Comments

  1. Interesting article!

    I never thought to consider that the declining birth rate in Japan could be attributed to a variety of causes like the growing sense of careerism as well as the growing disdain for sexual contact among young, ambitious Japanese people. Do you think that the growing commodification of intimacy in Japan has cheapened the idea of intimacy and thus has given the connotation that any sort of sexual encounter is “dirty” or “cheap”? Also do you think that the commodification of intimacy is a result of the growing concept that many Japanese people do not need other people or do you think it was created as a solution to give people the chance to experience what they have trouble experiencing on a daily basis? Do you think that women deciding to delay marriage is an effort of feminism in Japan to defy the typical stay-at-home wife standard and thus creating a space for men to find other outlets to satisfy themselves? Are there large differences in the numbers of men and women who seek these services? Just some thoughts that came to mind when reading this thought-provoking article!

  2. It was very interesting to learn about this rapidly growing new culture of Japan. These new intimacy services are indeed salient, but somehow I was not too surprised. Whereas Japan has been known for its relatively open-mindedness for sex and sexuality, especially compared to other neighboring Asian countries, I have also heard that going herbivorous was a new way to go among young Japanese people. In an incredibly modernized and individualized city, such as Tokyo, people must feel they lack energy and time to actively look for “something real.” To me a cuddle cafe almost sounds like a natural course of outcome of the generational fatigue, as well as a great reflection of Japanese culture. As a senior Gender, Sexuality, and Women’s Studies major at the College, I’m usually very torn about questions — for instance, can prostitution be liberating? should prostitution be legalized? what consists of sex work? — because I think they all really depend on the context. I don’t mean to give out a wrong idea that these service providers should be viewed as sex workers, but I feel that it would be extremely interesting to study their demographics and their own views about the job, and compare to those of the consumers. I think that’ll shed some light to how gender/social/economic/class relations or hierarchies can impact on Japanese popular culture. Thank you for sharing a very intriguing topic.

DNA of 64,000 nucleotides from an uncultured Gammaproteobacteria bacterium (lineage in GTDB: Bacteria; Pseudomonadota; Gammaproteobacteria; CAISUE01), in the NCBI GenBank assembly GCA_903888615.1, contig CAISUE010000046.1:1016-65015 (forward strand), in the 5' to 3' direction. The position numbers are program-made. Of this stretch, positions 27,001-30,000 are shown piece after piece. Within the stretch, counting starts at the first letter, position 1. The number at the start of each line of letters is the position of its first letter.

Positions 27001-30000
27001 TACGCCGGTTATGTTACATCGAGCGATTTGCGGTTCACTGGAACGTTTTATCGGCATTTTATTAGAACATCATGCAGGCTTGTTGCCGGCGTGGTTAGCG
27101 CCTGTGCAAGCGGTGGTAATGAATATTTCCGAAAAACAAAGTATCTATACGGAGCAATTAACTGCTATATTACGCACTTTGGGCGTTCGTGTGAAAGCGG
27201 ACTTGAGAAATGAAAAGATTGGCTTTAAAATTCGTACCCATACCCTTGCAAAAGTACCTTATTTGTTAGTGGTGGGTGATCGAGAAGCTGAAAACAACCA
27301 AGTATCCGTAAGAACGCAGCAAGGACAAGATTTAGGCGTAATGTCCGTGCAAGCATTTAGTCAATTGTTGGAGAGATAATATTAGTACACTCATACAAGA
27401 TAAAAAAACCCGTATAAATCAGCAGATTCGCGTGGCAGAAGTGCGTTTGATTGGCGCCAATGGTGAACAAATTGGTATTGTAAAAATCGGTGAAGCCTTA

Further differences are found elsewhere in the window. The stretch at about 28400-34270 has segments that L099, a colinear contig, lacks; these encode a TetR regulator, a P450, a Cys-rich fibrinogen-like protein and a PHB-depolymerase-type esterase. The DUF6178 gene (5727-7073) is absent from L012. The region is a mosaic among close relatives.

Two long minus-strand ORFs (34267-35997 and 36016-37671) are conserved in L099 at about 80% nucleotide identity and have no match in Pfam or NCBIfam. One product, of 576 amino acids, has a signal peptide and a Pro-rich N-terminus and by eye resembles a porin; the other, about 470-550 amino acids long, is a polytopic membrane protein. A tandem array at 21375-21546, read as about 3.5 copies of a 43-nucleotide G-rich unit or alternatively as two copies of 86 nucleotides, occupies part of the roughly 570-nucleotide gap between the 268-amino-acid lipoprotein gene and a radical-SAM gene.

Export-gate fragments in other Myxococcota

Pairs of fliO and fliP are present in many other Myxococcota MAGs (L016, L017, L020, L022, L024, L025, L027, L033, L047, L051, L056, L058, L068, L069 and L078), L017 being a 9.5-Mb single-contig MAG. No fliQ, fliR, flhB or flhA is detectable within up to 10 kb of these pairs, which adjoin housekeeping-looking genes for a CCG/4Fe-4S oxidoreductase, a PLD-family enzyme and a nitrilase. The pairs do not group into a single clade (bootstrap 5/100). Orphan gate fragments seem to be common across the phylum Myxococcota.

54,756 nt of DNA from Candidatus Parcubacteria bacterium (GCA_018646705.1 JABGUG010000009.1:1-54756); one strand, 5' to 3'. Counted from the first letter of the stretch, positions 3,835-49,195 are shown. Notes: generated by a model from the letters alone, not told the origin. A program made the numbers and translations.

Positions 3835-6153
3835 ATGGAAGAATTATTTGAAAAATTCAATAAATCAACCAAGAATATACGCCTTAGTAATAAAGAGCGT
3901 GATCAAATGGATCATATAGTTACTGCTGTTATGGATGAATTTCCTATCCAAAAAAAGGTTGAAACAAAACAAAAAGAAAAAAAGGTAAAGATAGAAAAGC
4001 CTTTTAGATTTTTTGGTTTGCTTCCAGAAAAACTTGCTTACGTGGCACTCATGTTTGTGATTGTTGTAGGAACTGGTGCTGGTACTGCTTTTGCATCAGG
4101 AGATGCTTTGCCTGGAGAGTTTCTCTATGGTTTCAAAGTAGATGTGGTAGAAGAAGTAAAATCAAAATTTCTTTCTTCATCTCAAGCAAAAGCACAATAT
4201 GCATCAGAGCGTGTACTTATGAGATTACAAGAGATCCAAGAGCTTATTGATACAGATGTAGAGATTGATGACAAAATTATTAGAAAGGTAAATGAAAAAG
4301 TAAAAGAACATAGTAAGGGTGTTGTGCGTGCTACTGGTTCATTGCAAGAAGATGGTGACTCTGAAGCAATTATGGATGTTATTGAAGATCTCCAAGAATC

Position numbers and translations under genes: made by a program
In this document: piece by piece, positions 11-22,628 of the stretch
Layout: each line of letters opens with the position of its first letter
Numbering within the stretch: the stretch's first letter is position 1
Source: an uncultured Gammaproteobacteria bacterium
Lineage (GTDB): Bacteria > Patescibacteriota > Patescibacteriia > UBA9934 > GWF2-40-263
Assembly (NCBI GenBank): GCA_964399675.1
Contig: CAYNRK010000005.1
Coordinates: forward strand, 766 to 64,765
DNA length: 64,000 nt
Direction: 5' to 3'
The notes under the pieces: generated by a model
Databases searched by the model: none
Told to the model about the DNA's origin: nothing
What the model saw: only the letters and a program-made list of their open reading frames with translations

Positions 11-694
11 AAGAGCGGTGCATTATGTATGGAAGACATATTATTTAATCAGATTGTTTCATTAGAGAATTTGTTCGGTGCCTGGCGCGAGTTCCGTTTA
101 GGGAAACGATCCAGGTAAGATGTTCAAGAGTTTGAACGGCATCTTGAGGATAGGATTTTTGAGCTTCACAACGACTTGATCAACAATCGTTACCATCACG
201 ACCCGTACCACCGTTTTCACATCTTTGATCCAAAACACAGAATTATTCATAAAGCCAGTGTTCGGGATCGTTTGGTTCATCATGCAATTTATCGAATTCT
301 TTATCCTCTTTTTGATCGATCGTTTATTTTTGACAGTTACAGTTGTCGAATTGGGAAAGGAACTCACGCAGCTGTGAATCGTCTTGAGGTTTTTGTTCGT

3. mazuschlag says:

    Many other European countries suffer a similar birth rate problem. Has the Japanese government intervened to help alleviate this problem at all? Is it possible they may put their foot down on the practices you described in an attempt to get people together? Or perhaps they’ll encourage dating apps like those mentioned in the US in bid to get more people dating? Have any other countries done anything like this with success?

    I’m also curious to know how prevalent these practices are throughout all of Japan. Tokyo seems to have a culture/society of its own in some regards, and it wouldn’t surprise me if things that seem normal or acceptable in Tokyo would seem silly or immoral in less populated areas, much like New York or London and their respective countries. Are these services popular in other populous cities like Osaka or Sapporo? How much influence do sex and cultural artifacts in Tokyo have on other populated areas? Does the same mentality of too little time/energy for relationships exist in more rural areas or smaller communities? I know it’s a lot of questions but the cultural differences between large metropolitan areas and the rest of a state can be surprising.

  4. lflucerocarter says:

    Really interesting topic! It’s cool that your pop culture theme has real world implications through population numbers, while also being related to commercial consumption trends. Though you’re discussing a theory outside of database and grand narrative, does the Animalization theory have any sort of interaction with the database or grand narrative theories of consumption? Or is it completely independent?